I do like crocus, but I'll be the first to admit my knoweldge and experience growing them is pretty shallow. However, after seeing the diversity and beauty here in the garden, species and cultivars that I haven't seen before, I'm inspired to grow more in my garden. There are so many good ones available for purchase if you're willing to look a bit, and then the more specialized or collector ones...well, you just have to appreciate them when you see them in someone else's garden!
Crocus sieberi in the greenhouse
Peter's favorite, Crocus baytopiorum, is a lovely light blue
When I finally heard Peter Korn speak for the first time at a lecture to a NARGS group at the New York Botanic Garden last fall, I thought I must add this garden to my ever-growing list of must-see gardens. But upon talking to Peter after his lecture, I actually thought this really is a garden worth working at for a little while. You don't need to listen to Peter very long before realizing that he is of a special breed, the sort of gardener that doesn't come around too often. I've been fortunate enough to work with and learn from some very talented gardeners, and I've learned when the opportunities present themselves, to, when possible, take full advantage of them. This was one such instance. Going to Sweden in March to garden isn't really ideal, but you do what you have to when you get to. So as can easily be expected, I arrived to snow and cold.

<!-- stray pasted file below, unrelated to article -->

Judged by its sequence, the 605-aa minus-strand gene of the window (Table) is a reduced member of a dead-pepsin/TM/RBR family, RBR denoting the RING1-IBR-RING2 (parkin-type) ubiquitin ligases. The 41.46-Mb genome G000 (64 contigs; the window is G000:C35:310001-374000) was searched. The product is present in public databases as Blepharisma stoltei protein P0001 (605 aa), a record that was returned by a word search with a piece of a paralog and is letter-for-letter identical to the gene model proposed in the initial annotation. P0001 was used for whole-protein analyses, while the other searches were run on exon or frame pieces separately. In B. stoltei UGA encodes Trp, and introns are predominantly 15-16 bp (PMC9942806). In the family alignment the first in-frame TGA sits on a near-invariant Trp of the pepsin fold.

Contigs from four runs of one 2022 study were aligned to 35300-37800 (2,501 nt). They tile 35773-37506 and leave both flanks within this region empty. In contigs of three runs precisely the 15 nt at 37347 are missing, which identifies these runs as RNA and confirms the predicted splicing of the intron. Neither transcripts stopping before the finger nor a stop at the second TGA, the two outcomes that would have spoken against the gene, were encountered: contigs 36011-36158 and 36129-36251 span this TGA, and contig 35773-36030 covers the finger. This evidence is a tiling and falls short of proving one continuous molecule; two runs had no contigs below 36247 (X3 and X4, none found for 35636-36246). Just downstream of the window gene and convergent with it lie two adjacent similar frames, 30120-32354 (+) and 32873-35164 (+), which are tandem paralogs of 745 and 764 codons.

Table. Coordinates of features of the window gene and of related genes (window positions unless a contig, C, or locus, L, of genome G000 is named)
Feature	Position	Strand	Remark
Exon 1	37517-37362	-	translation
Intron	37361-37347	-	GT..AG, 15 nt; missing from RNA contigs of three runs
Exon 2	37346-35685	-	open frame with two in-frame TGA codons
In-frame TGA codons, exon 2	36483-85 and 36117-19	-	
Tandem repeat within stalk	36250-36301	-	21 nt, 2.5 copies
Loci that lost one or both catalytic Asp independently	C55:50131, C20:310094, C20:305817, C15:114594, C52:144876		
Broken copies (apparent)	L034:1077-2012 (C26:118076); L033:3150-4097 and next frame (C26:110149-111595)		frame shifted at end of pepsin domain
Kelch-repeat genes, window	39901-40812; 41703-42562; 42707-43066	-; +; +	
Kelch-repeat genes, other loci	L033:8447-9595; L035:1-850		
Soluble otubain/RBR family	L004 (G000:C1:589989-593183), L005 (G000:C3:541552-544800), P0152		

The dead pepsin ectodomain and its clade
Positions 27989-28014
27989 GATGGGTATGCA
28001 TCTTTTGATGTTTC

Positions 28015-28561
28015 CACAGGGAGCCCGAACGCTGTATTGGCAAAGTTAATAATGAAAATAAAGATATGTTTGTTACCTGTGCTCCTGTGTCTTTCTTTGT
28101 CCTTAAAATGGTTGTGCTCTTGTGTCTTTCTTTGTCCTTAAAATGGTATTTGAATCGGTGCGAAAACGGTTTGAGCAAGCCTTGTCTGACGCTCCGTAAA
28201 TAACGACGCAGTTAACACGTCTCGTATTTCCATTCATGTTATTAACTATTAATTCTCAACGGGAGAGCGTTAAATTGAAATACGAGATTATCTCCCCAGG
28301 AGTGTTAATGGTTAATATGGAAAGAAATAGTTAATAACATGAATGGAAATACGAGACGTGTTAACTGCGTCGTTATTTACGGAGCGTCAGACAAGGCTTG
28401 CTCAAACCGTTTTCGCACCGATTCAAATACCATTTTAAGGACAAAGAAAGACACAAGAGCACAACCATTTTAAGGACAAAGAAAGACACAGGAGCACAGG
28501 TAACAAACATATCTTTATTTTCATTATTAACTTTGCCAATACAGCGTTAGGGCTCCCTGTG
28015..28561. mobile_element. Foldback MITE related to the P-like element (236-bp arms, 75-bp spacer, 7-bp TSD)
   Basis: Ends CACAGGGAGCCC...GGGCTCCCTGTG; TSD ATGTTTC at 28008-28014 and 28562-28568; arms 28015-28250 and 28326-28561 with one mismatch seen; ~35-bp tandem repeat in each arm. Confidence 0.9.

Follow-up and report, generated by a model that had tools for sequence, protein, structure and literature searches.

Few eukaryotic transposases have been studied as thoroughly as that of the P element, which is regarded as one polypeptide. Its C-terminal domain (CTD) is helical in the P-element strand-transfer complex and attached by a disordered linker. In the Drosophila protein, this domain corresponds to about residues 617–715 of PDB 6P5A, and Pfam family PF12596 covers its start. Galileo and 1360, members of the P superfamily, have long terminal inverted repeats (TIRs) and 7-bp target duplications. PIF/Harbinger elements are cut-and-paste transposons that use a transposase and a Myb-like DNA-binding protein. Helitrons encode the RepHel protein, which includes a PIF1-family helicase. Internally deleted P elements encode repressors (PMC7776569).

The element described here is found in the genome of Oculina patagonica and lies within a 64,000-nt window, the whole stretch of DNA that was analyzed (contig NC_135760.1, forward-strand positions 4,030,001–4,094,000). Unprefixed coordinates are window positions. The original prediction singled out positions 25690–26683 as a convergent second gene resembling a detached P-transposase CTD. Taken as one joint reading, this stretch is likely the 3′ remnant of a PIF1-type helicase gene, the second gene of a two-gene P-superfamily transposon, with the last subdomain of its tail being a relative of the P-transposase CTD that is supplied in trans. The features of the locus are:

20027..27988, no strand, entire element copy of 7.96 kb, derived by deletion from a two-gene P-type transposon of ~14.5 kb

View back to house from across the garden
The winter garden is not something to dismiss. To the contrary, it is an opportunity and a privilege to see the garden this time of year. Not only is the garden closed to the public now, but it's also a great time to see the winter bones and skeleton of the garden- really an opportunity to see the who's who of winter survivors and which plants might be worth growing for their durability and fortitude (surviving a Swedish winter and still standing strong is a nice accomplishment afterall). Some examples that stood out to me when walking the garden are:
Some things don't change, such as the long intervals between my blog posts. Since my last post I have finished my time at Chanticleer- I can't thank them enough for all the opportunities they provided for me. It was such a monumental time in my training, from the scholarship at Great Dixter, to the 11+ months of working with the very talented lot at Chanticleer, to the many garden visits and lectures they allowed me to be part of-- experiences I'll always remember and draw upon for the rest of my life. Moving on is sometimes hard but also exciting. When you push yourself towards new goals and further pursuits, it not only sustains momentum, but it honors your past accomplishments and those who helped make them possible. Well, currently, pushing myself further, I am taking 2 months to work with Peter Korn in his garden outside of Gothenburg, Sweden. Over the next several weeks I hope to write about my experiences here and some of the quite interesting and rather unique approaches Peter takes to gardening and growing some of the more special and rare plants you may ever see all in one spot!